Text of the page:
“I wanted the experience of in-person voting,” Connors said in line. “I think everyone I know has voted early. My parents are in their 60s and my twin sister in California is pregnant, so they had health concerns about big crowds.”
Jennifer Pizzano, of Pepperell, and Chuck Walkozich, chair of the local Republican Town Committee, both proudly voted in person on Tuesday and talked about it as a civic duty. Walkozich knew not everyone shared his opinion, estimating the rest of Pepperell’s residents being split “50-50” between those who voted in-person and those who submitted mail-in ballots.
“Election Day is Election Day and I think it’s important to physically vote,” he said.
“I got three mail-in ballots and didn’t fill out any,” Pizzano added. “Today is voting day and I feel that you should be here today.”
Other residents took advantage of early options for voting in order to avoid anticipated large crowds, out of concern for the coronavirus and to avoid the 30-degree temperatures on Election Day. Janet Sheffield of Groton used early voting hours to cast her ballot two weeks ago.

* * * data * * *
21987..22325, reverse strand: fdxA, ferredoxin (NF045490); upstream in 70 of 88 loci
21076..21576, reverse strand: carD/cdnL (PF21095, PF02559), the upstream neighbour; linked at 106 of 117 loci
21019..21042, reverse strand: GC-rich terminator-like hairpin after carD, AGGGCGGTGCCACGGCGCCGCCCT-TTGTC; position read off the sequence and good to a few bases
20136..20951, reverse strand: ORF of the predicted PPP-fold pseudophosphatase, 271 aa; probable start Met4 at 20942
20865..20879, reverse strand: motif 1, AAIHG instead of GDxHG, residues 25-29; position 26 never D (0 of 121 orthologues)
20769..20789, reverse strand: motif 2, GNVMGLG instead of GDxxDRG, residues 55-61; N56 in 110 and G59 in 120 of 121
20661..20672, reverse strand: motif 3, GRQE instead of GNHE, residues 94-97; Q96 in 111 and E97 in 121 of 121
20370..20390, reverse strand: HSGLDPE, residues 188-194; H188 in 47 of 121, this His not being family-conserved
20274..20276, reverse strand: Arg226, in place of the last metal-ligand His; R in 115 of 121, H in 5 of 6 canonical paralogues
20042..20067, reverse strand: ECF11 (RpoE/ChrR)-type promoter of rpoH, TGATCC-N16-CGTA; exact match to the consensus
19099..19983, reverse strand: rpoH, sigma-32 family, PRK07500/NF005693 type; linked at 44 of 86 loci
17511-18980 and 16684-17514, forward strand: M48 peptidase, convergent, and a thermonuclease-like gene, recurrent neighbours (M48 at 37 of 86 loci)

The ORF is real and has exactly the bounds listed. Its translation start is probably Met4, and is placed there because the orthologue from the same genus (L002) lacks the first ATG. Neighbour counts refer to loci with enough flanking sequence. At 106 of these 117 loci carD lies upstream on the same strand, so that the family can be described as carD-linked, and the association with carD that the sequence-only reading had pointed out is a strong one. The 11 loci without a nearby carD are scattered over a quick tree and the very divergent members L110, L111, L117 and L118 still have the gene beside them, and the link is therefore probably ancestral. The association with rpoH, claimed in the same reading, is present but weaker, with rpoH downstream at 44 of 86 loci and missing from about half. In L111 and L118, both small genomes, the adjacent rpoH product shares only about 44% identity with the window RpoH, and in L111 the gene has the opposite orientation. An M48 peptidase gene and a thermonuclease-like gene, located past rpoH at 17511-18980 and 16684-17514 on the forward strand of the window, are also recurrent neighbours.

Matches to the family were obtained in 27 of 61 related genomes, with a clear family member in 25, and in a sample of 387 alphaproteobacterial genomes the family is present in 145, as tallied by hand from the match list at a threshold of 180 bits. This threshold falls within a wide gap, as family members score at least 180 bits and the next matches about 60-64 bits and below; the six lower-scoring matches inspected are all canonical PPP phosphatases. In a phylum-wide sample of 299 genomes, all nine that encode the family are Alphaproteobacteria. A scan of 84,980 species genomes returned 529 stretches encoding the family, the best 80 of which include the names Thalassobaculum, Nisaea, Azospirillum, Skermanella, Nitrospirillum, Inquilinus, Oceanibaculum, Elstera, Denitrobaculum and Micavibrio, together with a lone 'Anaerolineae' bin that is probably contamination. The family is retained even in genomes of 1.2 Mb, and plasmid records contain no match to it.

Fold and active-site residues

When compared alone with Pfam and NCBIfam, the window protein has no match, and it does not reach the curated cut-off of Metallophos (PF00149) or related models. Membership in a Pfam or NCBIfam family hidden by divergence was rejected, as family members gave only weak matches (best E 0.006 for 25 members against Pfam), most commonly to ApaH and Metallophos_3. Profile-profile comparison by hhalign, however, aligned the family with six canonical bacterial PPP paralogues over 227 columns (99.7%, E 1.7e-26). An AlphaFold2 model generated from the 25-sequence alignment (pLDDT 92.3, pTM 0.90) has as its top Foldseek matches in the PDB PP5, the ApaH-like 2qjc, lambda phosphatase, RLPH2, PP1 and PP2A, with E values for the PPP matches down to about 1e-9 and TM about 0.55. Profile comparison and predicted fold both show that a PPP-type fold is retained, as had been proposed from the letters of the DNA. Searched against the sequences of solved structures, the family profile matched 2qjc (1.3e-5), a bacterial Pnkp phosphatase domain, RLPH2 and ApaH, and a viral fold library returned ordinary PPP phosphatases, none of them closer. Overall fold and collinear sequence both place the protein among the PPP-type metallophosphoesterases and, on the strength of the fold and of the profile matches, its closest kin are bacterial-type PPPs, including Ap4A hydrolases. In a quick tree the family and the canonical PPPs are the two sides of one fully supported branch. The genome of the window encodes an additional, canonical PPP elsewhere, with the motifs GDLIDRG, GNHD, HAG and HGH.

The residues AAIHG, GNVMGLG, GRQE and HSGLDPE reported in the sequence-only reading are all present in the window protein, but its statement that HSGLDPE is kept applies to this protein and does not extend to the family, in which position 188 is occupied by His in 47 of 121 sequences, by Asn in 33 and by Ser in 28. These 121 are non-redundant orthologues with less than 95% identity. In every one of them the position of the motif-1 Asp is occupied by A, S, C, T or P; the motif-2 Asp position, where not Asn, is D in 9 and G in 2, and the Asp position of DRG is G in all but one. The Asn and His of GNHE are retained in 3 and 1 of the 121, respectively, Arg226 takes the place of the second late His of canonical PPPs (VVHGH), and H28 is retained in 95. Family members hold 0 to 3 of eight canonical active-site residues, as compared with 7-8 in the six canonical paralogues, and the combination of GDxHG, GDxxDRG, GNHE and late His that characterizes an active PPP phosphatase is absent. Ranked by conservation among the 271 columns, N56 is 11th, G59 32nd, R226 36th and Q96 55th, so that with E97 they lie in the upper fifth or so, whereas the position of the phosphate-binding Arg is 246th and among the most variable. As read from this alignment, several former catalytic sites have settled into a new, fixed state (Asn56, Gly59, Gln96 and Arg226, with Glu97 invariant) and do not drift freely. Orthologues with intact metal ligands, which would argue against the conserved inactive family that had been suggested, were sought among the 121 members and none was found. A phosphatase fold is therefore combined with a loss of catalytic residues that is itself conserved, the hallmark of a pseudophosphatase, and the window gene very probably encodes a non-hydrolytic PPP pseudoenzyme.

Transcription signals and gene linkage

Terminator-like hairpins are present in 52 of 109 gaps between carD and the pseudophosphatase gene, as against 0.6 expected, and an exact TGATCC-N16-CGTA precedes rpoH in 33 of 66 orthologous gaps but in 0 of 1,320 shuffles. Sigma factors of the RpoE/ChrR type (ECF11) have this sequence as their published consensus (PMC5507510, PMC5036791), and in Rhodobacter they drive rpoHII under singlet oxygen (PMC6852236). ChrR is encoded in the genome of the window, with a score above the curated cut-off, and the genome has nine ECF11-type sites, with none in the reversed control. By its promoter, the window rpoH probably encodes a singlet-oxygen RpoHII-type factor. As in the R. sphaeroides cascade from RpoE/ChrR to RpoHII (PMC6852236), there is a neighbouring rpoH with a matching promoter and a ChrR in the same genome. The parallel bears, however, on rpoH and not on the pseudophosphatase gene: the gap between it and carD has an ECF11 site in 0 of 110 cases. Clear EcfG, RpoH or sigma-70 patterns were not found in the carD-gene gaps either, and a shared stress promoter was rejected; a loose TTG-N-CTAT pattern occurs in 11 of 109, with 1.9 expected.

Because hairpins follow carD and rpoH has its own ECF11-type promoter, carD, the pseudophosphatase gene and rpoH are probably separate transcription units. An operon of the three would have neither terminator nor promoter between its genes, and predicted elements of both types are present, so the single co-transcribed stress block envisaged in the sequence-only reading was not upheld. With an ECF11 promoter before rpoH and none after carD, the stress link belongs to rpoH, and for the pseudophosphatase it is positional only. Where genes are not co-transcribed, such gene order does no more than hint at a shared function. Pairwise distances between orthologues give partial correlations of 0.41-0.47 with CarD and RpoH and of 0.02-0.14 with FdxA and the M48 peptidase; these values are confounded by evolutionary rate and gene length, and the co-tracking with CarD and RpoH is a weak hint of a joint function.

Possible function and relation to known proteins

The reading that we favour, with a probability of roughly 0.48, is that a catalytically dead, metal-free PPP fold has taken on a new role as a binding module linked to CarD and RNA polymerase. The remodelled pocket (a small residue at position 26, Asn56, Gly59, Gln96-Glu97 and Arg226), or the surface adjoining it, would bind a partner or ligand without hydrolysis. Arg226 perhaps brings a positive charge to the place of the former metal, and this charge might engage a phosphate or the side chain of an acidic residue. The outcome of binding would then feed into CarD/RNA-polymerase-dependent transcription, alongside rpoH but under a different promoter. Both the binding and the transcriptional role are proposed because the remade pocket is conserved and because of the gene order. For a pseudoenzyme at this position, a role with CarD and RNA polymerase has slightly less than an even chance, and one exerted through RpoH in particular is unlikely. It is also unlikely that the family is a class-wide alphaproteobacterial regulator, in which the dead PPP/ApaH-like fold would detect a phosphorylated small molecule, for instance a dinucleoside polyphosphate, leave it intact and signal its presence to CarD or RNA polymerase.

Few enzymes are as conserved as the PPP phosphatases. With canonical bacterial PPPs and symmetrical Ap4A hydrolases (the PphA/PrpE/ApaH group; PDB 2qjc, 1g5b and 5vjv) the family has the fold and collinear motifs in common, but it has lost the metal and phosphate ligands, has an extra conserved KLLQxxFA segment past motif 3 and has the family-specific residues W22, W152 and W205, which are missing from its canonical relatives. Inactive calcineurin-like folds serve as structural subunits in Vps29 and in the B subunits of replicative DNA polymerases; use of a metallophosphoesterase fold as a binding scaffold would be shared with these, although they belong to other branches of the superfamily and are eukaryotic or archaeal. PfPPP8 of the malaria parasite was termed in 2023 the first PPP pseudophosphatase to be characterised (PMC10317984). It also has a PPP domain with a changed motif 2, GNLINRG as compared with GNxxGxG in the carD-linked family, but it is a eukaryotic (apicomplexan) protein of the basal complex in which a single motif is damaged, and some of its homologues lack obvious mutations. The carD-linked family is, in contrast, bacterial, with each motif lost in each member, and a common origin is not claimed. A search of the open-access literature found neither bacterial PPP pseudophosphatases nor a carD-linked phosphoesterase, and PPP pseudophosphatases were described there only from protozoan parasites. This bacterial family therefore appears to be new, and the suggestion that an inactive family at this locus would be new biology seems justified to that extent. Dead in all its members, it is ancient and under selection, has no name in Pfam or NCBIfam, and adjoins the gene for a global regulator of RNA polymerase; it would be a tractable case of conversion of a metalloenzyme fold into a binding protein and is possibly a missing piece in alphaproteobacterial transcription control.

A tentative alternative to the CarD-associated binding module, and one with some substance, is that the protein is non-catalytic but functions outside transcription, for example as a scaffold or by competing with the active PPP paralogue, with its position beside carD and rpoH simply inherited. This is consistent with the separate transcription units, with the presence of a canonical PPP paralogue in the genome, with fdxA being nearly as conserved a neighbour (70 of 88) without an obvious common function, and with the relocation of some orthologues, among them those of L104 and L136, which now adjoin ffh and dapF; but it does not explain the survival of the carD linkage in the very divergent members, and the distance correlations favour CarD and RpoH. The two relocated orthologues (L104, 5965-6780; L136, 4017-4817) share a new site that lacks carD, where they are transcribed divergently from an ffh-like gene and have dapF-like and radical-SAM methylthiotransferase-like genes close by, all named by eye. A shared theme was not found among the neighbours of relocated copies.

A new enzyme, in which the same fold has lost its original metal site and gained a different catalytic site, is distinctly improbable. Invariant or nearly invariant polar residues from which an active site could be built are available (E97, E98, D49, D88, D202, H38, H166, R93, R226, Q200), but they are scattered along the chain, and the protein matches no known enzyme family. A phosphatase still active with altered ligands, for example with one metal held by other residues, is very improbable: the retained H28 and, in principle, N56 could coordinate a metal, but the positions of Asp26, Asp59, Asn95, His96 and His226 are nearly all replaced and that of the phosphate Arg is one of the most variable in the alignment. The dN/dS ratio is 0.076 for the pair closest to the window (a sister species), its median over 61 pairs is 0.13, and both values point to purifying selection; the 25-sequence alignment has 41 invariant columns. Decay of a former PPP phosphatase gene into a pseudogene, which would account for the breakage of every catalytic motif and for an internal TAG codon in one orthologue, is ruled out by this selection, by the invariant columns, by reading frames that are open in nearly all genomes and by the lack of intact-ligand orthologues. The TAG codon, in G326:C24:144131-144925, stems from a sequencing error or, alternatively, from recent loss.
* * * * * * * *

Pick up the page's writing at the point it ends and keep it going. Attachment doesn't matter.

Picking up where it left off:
“I think most of the people I know did the same,” she added. “I was concerned about mail-in voting because there was so much publicity about the process. I trust mail-in voting, but felt more comfortable voting in-person.”
Zack Gavel, a political science major at Northeastern University and fellow Groton resident, voted by mail since it was the most convenient way for college students like him to cast their ballots.
“Most of my family also voted by mail, we all voted together which was nice,” Gavel said. “Part of it was for convenience sake and part of it was for safety reasons to not expose themselves. Voting is like their Super Bowl, they’re very passionate about it.”
For those concerned about the actual process of tabulating mail-in ballots, the process appears to be very well-structured. Take it from Jeanne Nevard, a Pepperell resident who helped organize and inspect mail-in ballots at Pepperell Town Hall earlier this week. Nevard noted that, not only were other volunteers inspecting ballots safely spaced out at Town Hall, but the ballots themselves were alphabetized and organized in bundles of 50 to pace out the observation. A similar process was carried out in town during this year’s primaries.